More Torah Commentary
Veahavta l’reyacha kamocha, or, in English, “you shall love your neighbor as yourself” (Lev. 19:18) is one of the core mitzvos (commandments) of the Torah, and is in nearly every religion.
This is counted in Rambam’s Sefer HaMitzvos as its own commandment, but he also notes that this mitzvah falls under the umbrella of the mitzvah to emulate HaShem and “walk in His ways” (Deut. 28:9).
How can we possibly walk in the ways of Hashem? He’s an infinite force and we’re just flesh, but we can at least try by identifying what His ways are, then doing that. Read the 13 attributes of Hashem here. Rambam writes in Sefer HaMitzvos: “To emulate Him, may He be exalted, according to our ability . . . that is to say, emulating His benevolent actions and esteemed qualities with which G-d, may He be exalted, is described.” The midrash (Sifrei) teaches: “Just as He is called gracious, so must you be gracious; just as He is called compassionate, so must you be compassionate; just as He is called holy, so must you be holy.” Thus, Torah compels you to continual, G-d based, self-improvement. It’s the ultimate self-help book.
And the core mitzvah of emulating Hashem is “you shall love your neighbor as yourself.” Indeed, Rabbi Hillel famously taught that this mitzvah is the whole Torah. “What is hateful to you, do not do to your fellow man: this is the whole Law; the rest is the explanation (commentary), go and learn” (Tractate Shabbas 31a).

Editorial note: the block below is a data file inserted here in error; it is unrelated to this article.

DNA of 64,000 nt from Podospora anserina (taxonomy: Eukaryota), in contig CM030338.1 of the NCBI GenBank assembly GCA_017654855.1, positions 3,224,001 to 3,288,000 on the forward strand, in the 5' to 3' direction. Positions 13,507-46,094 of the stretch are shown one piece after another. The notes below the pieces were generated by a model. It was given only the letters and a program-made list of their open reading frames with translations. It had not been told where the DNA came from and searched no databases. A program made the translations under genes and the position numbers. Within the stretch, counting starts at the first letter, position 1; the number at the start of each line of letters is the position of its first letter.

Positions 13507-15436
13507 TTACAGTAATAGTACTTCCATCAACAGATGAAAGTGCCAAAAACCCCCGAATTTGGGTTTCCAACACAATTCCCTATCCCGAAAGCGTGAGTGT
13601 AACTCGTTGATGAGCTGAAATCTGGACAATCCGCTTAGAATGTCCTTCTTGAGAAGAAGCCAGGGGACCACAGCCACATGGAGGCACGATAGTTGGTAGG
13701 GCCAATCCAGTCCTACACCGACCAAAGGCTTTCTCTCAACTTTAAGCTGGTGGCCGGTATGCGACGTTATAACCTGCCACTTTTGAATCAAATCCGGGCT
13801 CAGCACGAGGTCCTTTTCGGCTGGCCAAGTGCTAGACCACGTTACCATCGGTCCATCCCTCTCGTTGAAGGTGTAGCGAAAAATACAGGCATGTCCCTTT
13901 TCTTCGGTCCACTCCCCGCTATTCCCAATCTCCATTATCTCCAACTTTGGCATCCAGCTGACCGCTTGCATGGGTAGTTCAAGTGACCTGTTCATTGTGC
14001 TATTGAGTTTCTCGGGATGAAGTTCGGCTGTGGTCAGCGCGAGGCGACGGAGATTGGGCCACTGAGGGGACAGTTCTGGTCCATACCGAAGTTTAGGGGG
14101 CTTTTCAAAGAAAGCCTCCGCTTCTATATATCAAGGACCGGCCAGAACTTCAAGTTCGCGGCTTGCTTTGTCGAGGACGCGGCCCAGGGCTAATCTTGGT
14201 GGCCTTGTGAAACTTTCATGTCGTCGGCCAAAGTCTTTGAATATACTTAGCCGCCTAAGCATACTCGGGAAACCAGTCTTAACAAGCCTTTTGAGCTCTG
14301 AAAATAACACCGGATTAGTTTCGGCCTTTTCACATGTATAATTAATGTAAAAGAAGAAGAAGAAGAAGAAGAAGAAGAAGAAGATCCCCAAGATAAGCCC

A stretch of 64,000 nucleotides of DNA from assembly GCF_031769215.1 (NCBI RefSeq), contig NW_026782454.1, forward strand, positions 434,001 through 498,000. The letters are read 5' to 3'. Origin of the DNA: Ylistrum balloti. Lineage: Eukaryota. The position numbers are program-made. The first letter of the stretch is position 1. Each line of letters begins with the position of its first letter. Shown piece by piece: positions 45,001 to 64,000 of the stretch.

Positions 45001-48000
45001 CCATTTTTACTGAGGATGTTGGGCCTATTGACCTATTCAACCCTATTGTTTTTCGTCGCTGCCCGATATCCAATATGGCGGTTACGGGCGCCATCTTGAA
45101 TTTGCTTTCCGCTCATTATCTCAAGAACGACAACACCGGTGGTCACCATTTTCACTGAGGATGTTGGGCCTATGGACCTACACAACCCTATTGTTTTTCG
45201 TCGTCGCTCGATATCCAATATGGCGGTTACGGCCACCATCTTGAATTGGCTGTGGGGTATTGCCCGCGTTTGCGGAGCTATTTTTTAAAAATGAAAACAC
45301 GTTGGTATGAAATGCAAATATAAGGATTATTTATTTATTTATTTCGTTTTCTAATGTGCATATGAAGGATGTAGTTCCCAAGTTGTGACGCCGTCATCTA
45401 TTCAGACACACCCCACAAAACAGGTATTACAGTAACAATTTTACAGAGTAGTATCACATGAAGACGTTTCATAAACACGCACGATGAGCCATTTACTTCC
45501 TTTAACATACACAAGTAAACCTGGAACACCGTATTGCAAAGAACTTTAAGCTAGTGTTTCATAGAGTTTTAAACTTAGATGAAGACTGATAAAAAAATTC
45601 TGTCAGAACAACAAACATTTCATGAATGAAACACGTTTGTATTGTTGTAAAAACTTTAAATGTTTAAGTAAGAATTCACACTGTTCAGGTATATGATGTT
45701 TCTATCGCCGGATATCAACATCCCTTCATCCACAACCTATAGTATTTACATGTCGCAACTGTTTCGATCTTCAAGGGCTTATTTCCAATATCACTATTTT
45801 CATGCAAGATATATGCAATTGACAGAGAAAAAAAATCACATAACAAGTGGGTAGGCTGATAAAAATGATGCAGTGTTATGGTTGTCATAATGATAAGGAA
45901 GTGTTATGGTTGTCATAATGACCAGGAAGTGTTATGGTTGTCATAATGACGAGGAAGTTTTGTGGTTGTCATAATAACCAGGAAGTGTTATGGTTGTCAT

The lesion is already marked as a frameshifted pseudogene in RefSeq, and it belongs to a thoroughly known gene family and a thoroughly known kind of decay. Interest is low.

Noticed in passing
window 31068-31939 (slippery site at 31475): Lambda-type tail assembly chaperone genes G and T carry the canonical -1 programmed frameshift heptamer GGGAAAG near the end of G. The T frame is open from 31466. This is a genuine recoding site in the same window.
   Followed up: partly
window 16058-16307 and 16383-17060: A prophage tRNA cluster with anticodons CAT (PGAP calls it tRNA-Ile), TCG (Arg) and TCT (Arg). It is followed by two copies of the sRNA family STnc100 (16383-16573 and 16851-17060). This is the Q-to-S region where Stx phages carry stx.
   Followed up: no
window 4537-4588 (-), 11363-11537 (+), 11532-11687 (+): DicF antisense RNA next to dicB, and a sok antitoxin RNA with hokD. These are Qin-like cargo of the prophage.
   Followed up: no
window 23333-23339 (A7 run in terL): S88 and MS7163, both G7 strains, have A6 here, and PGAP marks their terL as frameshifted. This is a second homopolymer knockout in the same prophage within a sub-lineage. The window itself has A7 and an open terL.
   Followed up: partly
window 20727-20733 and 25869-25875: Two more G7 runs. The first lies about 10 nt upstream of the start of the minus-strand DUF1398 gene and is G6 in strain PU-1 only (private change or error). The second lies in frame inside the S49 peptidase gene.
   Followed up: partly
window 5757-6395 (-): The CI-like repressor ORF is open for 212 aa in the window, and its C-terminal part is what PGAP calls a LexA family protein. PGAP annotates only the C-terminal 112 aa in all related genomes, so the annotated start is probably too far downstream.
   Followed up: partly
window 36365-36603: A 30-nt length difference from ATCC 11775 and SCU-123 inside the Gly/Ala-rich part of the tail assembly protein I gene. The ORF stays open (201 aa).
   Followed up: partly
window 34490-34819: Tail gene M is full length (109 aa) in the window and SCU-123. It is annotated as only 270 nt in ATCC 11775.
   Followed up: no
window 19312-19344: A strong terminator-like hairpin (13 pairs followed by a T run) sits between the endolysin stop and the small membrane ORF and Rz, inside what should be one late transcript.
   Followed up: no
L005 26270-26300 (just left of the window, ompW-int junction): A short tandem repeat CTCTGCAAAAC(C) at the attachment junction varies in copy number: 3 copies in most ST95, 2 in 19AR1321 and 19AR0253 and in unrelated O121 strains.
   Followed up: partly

How can one mitzvah encapsulate all the Torah and its 613 mitzvos? It’s a wild idea to try to process. The Baal Shem Tov, who made this mitzvah the cornerstone of the Hasidic movement, explained that “love your neighbor as yourself” is an interpretation of and commentary on “Love the L-rd, your G-d” (Deuteronomy 6:5), and he who loves their fellow loves G-d. How is this? Because loving the creation is loving the Creator, or, as the Tanya elaborates, honoring another person’s soul and its divineness is honoring G-d, because by loving someone else you overcome the cold, material world, and by this you love G-d. It is through this transcending of the physical world you achieve the goal of all Torah. Thankfully we have 612 other mitzvos, and must do them, but in loving your neighbor, just like in all those mitzvos, the purpose is elevating the mundane, elevate everything to be above the rest and connect you to holiness. “If I had to describe Judaism in one word,” rabbi Gavriel Sanders said, “it’d be ELEVATOR.”
Martin Buber wrote perhaps the best commentary on the “love G-d by loving each other” concept with his book Ich and Du (I and Thou). Buber wrote that when we have geniune love and regard for someone in an “I and Thou” relationship rather than the all-too-common “I and It” relationship, we reach G-d. When we rise above the consumer, the animal self, and set all notions aside to simply love another unconditionally, we access G-d like nothing else.
Veahavta l’reyacha kamocha.
Love more today.
Filed Under: Torah Insights and Religion